* Mostly averted in ''WesternAnimation/{{Rio}}''. Helps It helps that the director is Brazilian, and one of the actors too. Still they arrive during carnival.



* ''Film/TwoThousandTwelve'' has a broadcast showing Rio getting hit by an earthquake (complete with [[MonumentalDamage the Cristo Redentor's destruction]]). They namedrop an actual news station, Globo News. But the broadcaster speaks with a Portuguese accent! (but due to HollywoodScience, let's not delve into the fact that Brazil is [[http://en.wikipedia.org/wiki/File:Plates_tect2_en.svg far from earthquake zone]])

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* ''Film/TwoThousandTwelve'' has a broadcast showing Rio getting hit by an earthquake (complete with [[MonumentalDamage the Cristo Redentor's destruction]]). They namedrop an actual news station, Globo News. But the broadcaster speaks with a Portuguese accent! (but due to HollywoodScience, let's not delve into the fact that Brazil is [[http://en.wikipedia.org/wiki/File:Plates_tect2_en.svg far from any earthquake zone]])zone]]).



* ''Literature/{{Twilight}}'' does that as well during Bella and Edward honeymoon trip, where we find out that the Cullens have an island in Rio de Janeiro, where you arive through the west bit of the city, then taking a boat, in spite that they should have gone south from the airport to reach the sea. No one was surprised that Creator/StephenieMeyer didn't know how to use Google Maps, but then it becomes even better when Edward decided to go back to the mainland to hunt. Since, you know, it's a forest out there and there must be something that a vegetarian vampire could eat. Except there ''isn't'' anything big enough for him. (a stray [[http://en.wikipedia.org/wiki/Capybara capybara]] would be a lucky find...) One wonders if he attacked the city zoo.
** [[HilariousInHindsight Funny thing]], too, that in the week ''Breaking Dawn'' came out, a massive amount of dead penguins were found in the north litoral, in an unexpected case of LeaningOnTheFourthWall.

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* ''Literature/{{Twilight}}'' does that as well during Bella and Edward honeymoon trip, where we find out that the Cullens have an island in Rio de Janeiro, where you arive arrive through the west bit of the city, then taking take a boat, in spite of the fact that they should have gone south from the airport to reach the sea. No one was surprised that Creator/StephenieMeyer didn't know how to use Google Maps, but then it becomes even better when Edward decided to go back to the mainland to hunt. Since, you know, it's a forest out there and there must be something that a vegetarian vampire could eat. Except there ''isn't'' anything big enough for him. him (a stray [[http://en.wikipedia.org/wiki/Capybara capybara]] would be a lucky find...) ). One wonders if he attacked the city zoo.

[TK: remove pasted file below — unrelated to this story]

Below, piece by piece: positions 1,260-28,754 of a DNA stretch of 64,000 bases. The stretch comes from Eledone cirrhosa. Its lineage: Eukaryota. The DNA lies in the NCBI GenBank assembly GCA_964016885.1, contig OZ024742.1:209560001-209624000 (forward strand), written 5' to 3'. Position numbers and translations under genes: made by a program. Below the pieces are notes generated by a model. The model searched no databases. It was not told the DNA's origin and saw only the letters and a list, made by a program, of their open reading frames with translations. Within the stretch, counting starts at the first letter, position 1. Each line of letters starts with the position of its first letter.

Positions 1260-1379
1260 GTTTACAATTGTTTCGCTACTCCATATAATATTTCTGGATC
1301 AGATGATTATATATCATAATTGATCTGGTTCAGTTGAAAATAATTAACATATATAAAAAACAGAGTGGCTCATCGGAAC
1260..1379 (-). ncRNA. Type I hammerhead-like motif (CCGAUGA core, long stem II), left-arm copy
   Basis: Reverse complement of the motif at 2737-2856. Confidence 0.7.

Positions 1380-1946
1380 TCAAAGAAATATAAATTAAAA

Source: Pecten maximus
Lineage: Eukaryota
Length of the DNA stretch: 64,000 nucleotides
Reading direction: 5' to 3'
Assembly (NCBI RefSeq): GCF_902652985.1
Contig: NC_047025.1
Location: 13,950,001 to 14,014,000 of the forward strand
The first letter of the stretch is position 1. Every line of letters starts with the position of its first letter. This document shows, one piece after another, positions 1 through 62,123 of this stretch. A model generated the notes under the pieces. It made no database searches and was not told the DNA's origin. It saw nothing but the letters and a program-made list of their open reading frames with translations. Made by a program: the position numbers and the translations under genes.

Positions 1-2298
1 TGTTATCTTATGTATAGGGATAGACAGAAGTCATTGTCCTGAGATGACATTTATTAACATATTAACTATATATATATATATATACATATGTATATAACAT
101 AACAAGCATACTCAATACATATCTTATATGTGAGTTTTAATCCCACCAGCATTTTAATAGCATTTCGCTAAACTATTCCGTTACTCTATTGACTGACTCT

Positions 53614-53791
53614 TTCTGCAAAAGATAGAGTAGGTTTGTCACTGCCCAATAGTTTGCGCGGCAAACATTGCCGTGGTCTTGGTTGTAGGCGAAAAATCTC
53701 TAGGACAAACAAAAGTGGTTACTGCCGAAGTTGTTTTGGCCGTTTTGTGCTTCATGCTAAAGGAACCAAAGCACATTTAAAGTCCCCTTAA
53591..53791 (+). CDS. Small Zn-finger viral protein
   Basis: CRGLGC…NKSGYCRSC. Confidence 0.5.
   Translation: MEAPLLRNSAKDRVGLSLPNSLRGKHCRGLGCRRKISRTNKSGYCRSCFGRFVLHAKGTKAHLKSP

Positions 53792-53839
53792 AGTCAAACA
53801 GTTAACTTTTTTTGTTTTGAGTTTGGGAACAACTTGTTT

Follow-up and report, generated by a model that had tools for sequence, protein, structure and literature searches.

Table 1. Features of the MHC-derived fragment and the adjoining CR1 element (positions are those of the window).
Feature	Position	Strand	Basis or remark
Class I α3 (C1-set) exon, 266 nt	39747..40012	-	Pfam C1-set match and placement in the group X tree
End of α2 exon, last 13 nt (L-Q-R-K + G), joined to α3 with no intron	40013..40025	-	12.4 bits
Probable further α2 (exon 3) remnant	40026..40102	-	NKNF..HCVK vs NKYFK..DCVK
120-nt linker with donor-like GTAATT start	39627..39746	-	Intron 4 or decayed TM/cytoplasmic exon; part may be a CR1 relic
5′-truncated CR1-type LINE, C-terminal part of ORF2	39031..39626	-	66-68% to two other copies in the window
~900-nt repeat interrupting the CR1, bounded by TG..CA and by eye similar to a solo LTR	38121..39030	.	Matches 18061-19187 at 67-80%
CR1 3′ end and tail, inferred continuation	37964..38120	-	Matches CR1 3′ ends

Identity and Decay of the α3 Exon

** [[HilariousInHindsight Funny thing]], too, that in the week ''Breaking Dawn'' came out, a massive amount of dead penguins were found in the north litoral, littoral, in an unexpected case of LeaningOnTheFourthWall.



* There's an comedy animation in Website/YouTube that plays with this trope. The "O Dia em que o Brasil foi Invadido" (The Day When Brazil was Invaded) shows the ex-president Bush back in 2006 planning to invade Brazil to conquer its natural resources. After being informed that his army forces were being defeated (only thanks to the many problems in the country, like the Tietê river being so polluted that it became toxic and dissolved the USA army's boat), Bush decides to launch an atomic bomb to win the battle, guess which capital he selected as target...
* Brazil has a fair share of occasions where humorists mock Americans for this. One of website Charges.com.br's finest moments was when they made a story parodying Brazil's reply to the American Government's decision to require all Brazilians in American soil to record their fingerprints. By international reciprocity treaties, this allowed the Brazilian Government to do the same to Americans in Brazilian soil. In that story, when the authorities ordered an American to be sent back to the USA, he was ordered to be sent to Toronto. When the American told them Toronto is in Canada and accused them of not knowing what the Capital of the United States is, he was told it was reciprocity.

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* There's an a comedy animation in on Website/YouTube that plays with this trope. The "O Dia em que o Brasil foi Invadido" (The Day When Brazil was Invaded) shows the ex-president Bush back in 2006 planning to invade Brazil to conquer its natural resources. After being informed that his army forces were was being defeated (only thanks to the many problems in the country, like the Tietê river being so polluted that it became toxic and dissolved the USA US army's boat), Bush decides to launch an atomic bomb to win the battle, guess battle. Guess which capital he selected as target...
* Brazil has a fair share of occasions where humorists mock Americans for this. One of website Charges.com.br's finest moments was when they made a story parodying Brazil's reply to the American Government's government's decision to require all Brazilians in on American soil to record their fingerprints. By international reciprocity treaties, this allowed the Brazilian Government government to do the same to Americans in on Brazilian soil. In that story, when the authorities ordered an American to be sent back to the USA, he was ordered to be sent to Toronto. When the American told them Toronto is in Canada and accused them of not knowing what the Capital capital of the United States is, he was told it was reciprocity.